Mr. Tolley had hired a vocational expert, Norman Hankins, in August 1990, to assess his employability after the accident. At that time, Mr. Hankins concluded that "from a practical standpoint, Mr. Tolley's vocational disability closely approaches 100%." J.A. at 228. In December 1993, Provident hired Mr. Hankins to do another vocational assessment, this time from the record rather than from an examination of the plaintiff. Mr. Hankins apparently relied upon the reports of the two doctors, Johnson and Peavyhouse, and his own earlier evaluation of Tolley. J.A. at 230-31. Mr. Hankins concluded from the medical evidence that "Mr. Tolley retains the capacity for light work" and determined from his own study of the labor market that approximately 8,000 suitable jobs existed in the area. Specifically, Mr. Hankins noted that Mr. Tolley could work as a nightwatchman and perform a variety of jobs involving hand-assembly of parts.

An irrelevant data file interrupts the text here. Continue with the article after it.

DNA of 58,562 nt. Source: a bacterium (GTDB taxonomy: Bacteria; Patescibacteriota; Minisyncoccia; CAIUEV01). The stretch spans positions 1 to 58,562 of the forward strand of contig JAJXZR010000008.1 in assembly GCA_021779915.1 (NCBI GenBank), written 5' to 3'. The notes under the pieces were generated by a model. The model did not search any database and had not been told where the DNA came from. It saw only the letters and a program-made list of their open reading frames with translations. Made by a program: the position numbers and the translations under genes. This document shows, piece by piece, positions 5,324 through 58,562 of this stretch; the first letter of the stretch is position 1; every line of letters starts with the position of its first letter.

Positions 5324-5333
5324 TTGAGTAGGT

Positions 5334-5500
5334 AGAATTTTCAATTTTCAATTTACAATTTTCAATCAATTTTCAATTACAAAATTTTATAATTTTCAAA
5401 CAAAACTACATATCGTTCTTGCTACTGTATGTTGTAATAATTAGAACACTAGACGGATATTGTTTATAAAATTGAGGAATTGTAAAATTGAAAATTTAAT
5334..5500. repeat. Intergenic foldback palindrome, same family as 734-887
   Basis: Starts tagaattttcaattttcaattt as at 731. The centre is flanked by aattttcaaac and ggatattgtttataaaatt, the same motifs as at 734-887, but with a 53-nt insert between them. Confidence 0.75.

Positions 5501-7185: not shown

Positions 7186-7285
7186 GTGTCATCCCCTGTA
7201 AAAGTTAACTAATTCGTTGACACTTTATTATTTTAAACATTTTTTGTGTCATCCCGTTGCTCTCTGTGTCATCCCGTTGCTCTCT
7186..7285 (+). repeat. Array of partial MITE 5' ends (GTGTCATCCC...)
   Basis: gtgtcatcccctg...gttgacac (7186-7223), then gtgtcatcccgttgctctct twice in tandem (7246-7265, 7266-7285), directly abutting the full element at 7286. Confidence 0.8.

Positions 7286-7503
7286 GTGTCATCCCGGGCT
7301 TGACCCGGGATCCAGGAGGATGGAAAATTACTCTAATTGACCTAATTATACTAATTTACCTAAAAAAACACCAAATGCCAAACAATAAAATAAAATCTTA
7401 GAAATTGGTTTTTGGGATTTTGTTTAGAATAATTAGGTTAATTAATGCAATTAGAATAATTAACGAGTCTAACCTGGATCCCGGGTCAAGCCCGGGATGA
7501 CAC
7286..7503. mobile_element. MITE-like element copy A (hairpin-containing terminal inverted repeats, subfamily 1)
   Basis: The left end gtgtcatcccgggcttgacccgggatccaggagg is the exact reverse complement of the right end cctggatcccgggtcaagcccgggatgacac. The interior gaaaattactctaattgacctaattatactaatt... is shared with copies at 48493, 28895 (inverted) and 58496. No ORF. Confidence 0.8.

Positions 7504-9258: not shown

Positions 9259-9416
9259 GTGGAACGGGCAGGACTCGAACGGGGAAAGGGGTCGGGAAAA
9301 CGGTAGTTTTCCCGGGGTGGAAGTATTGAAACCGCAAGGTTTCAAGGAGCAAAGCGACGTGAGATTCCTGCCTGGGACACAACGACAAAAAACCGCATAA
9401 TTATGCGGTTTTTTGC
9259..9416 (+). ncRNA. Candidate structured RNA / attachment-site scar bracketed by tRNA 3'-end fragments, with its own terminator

Plaintiff claims that the District Court erred in reviewing the plan administrator's denial of benefits under the "arbitrary and capricious" standard. In Firestone Tire and Rubber Co. v. Bruch, 489 U.S. 101, 115 (1989), the Supreme Court held that a denial of benefits challenged under ERISA is to be reviewed under a de novo standard unless "the benefit plan gives the administrator or fiduciary discretionary authority to determine eligibility benefits or to construe the terms of the plan." Where the plan administrator retains such discretionary authority, his actions may be reviewed under the "arbitrary and capricious" standard. Id. This court has held that a plan that requires an applicant to prove disability "using medical evidence satisfactory to [the company]" reserves sufficient discretionary authority to the administrator that the arbitrary and capricious standard is appropriate. Miller v. Metropolitan Life Ins. Co., 925 F.2d 979, 983-84 (6th Cir.1991). Because the plan at issue here requires that an applicant provide "satisfactory proof" of his or her disability, J.A. at 62, the District Court was correct in reviewing the denial of benefits under the "arbitrary and capricious" standard. Whatever standard we use in this case--whether "arbitrary and capricious" or "de novo"--the result must be the same in the case because even Mr. Tolley's treating physician has concluded that Tolley is not disabled from doing light work.